If you’re looking for the highest amperage stun gun, then you’ve seen past the hype concerning voltage. When we first started selling stun guns back in 2000, the highest voltage stun gun at the time was a whopping 300,000 volts.
Soon after, manufacturers started to increase the stated number of volts to be higher than the next guy. Amperage wasn’t even on the radar. We had 400,000 then 500,000 and even a 775,000-volt stun gun. It wasn’t long till the Million volter came out and it was all the rage.
Back then, these devices worked on 9-volt batteries. Any reasonably common-sense type person could deduce that the more batteries it took, the more powerful the output actually was. This was true no matter what the stated voltage was. If a device took two batteries and was 300K volts, it was more powerful than a million-volt stunner that only took a single battery.
Comparing them side by side was another way to tell the difference between them. You can tell how strong it is when you fire them off one after the other. Without knowing any specifications, your eyes and ears will tell you exactly which one you don't want to be stunned with.
So even after the 2nd and 3rd million volters came out, there wasn't much difference in the actual output of any of them. While higher voltage means it has more penetrating power, the newer numbers coming out were more for marketing than any increase in actual electrical power. Voltage as low as 25,000 is enough to go through clothing, so higher amounts are unnecessary anyway.
In any case, it's the amps that provide the juice delivering the most energy rather than the voltage. Voltage gives it the wide open push to go through clothing, so the higher the real voltage, the better the ability to deliver the charge through thick jackets and such. Amperage is the biting force.
And in the case of stun devices, we're talking thousandths of an amp, measured as milliamps. You've heard the saying, "One amp will kill ya." Well, we're nowhere close to that when dealing with these self defense products.
Most of them are between 3 and 4.9 milliamps. This amount is enough to deliver the effect you’re after. Anything over five milliamps can overload the circuitry inside the device and burn out the capacitor. The capacitor is where the energy builds up and is stored until it's discharged through the probes. Too many milliamps and you'll burn out the unit.
One of our strongest stun guns is the Runt. It has 4.5 milliamps which are more than enough to overload the electrical impulses of the human body. The body has nerves just about everywhere so anywhere you touch the person with the probes of the stunner is going to have an effect. However, if possible, you want to go for the major muscle groups such as the neck, upper body, or even groin area to have the best effect.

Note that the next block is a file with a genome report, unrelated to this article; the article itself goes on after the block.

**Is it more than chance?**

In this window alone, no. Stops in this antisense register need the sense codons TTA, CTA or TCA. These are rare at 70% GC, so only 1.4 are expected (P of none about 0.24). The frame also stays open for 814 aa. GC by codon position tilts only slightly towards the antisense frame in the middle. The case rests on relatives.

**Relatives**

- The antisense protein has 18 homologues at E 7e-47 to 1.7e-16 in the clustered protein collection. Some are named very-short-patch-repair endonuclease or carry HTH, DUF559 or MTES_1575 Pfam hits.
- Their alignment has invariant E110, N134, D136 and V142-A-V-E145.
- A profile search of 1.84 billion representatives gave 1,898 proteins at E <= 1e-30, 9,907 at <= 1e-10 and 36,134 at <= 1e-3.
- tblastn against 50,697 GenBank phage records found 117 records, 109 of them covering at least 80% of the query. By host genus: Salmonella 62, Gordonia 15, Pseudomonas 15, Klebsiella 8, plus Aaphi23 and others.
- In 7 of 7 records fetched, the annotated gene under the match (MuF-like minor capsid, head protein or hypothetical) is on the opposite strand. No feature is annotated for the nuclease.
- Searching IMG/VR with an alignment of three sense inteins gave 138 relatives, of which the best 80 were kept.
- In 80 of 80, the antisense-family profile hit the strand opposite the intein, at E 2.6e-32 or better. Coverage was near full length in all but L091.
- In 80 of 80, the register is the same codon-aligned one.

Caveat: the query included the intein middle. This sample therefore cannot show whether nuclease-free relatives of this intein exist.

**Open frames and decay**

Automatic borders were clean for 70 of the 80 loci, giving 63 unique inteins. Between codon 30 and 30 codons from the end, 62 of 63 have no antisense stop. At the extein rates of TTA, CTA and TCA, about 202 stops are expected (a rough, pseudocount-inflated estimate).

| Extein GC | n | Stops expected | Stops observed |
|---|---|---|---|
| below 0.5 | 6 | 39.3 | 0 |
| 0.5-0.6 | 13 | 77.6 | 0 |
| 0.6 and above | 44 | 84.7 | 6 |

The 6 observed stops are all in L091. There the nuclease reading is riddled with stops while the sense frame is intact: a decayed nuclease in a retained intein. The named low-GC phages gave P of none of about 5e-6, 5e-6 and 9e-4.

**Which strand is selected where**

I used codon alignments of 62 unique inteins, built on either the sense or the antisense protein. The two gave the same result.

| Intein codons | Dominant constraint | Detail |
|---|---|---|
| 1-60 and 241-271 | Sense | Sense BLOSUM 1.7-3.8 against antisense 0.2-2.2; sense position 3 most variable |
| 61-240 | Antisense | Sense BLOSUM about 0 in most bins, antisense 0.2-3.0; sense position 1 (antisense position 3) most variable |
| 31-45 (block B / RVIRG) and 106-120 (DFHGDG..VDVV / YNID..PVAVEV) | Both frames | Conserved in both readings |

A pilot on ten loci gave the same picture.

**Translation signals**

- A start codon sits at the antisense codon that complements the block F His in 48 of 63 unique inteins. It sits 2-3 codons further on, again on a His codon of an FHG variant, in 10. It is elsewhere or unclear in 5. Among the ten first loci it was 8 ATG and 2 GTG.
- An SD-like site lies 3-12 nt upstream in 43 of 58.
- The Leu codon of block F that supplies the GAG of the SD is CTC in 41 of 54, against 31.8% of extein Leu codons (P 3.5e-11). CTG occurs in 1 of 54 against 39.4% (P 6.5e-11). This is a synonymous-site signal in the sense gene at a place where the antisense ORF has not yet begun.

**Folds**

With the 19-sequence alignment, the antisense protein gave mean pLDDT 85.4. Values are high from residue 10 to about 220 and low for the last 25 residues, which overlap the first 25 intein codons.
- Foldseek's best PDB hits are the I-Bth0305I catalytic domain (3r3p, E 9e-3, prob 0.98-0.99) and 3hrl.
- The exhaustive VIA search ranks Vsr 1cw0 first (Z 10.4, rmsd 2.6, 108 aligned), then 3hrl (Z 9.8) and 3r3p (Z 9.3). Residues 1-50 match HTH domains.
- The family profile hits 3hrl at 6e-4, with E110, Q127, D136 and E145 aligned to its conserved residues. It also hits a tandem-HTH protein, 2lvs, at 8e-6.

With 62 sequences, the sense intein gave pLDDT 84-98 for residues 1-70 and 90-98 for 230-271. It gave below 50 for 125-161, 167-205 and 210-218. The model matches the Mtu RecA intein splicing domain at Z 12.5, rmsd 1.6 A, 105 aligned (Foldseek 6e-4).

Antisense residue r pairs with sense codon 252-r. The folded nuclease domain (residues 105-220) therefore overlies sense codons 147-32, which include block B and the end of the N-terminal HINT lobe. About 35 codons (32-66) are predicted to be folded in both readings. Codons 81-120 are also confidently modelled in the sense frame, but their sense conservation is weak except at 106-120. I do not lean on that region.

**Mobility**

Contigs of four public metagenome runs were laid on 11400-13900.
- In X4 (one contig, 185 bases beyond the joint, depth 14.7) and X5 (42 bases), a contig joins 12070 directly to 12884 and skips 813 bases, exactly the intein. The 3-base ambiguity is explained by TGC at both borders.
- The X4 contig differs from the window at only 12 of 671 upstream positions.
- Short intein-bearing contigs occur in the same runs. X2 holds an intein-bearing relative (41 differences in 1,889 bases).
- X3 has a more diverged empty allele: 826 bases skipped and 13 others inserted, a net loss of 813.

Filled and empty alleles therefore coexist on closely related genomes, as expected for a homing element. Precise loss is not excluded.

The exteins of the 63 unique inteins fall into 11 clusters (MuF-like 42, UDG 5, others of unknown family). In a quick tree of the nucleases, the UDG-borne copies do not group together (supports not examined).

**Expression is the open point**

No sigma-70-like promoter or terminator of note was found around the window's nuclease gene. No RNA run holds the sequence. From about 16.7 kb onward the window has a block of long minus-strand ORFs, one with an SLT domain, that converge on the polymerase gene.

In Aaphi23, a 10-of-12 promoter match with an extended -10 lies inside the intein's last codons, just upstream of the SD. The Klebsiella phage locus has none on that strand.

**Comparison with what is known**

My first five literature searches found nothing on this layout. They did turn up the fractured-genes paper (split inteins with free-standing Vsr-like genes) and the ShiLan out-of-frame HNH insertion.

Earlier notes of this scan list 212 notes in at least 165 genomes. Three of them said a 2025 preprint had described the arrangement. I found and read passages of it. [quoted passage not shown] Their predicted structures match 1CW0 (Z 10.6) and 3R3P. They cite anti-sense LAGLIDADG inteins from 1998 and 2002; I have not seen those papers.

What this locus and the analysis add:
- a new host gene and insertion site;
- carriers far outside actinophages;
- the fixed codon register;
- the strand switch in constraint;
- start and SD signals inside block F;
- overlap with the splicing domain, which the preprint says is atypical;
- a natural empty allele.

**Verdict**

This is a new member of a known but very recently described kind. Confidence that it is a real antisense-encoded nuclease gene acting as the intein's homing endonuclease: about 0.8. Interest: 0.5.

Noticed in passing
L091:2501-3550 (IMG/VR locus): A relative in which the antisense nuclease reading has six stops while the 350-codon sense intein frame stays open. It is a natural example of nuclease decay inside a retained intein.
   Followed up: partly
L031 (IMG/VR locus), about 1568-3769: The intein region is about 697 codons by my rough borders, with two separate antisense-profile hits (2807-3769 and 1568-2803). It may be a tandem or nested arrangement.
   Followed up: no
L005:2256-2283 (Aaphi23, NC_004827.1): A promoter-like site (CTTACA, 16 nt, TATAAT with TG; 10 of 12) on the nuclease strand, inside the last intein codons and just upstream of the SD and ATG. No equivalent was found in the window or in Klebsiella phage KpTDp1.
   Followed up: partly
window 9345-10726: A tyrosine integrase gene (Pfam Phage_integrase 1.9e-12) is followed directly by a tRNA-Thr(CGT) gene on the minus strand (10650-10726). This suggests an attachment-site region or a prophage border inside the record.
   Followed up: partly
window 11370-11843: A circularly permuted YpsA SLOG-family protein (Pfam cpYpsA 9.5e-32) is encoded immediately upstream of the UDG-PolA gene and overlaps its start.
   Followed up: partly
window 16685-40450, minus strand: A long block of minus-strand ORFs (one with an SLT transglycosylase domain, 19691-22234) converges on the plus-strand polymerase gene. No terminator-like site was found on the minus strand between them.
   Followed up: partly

The electronics inside the Runt are top quality and the thick electrodes (probes) on top deliver all available energy into your attacker. For being such a small weapon, it really does have it all when it comes to available power and having the desired effect of stopping an attacker.
Nowadays, most stun guns use rechargeable batteries. This saves you from having to replace batteries, but you do have to remember to plug in your device every 2-3 months.
The stun gun is one of the most powerful and effective tools for self defense. Handy, simple in design, and straightforward to use, stun guns are preferred in many instances for deterring an attack or controlling unruly and dangerous behavior because it delivers fast efficient results. Stun guns come in a variety of power, usually expressed in voltages. The number indicated as the voltage of the stun gun is an indication of its power, but again, it's the amps that matter.
Stun guns with high voltages are intended for close encounters. They are designed to shock by contracting the muscles and causing pain. However, they may not be effective in knocking the assailant to the ground. They are, however, quite efficient at producing a shock that will cause enough pain and discomfort in order to discourage a physical attack.
If you’ve ever experienced the discomfort of static electricity, such as when you rub your shoes against a synthetic rug and proceed to touch a door knob, then you could safely say that you’ve been shocked with about 20,000 to 30,000 volts of electricity. This does not even compare to what a stunning device gives.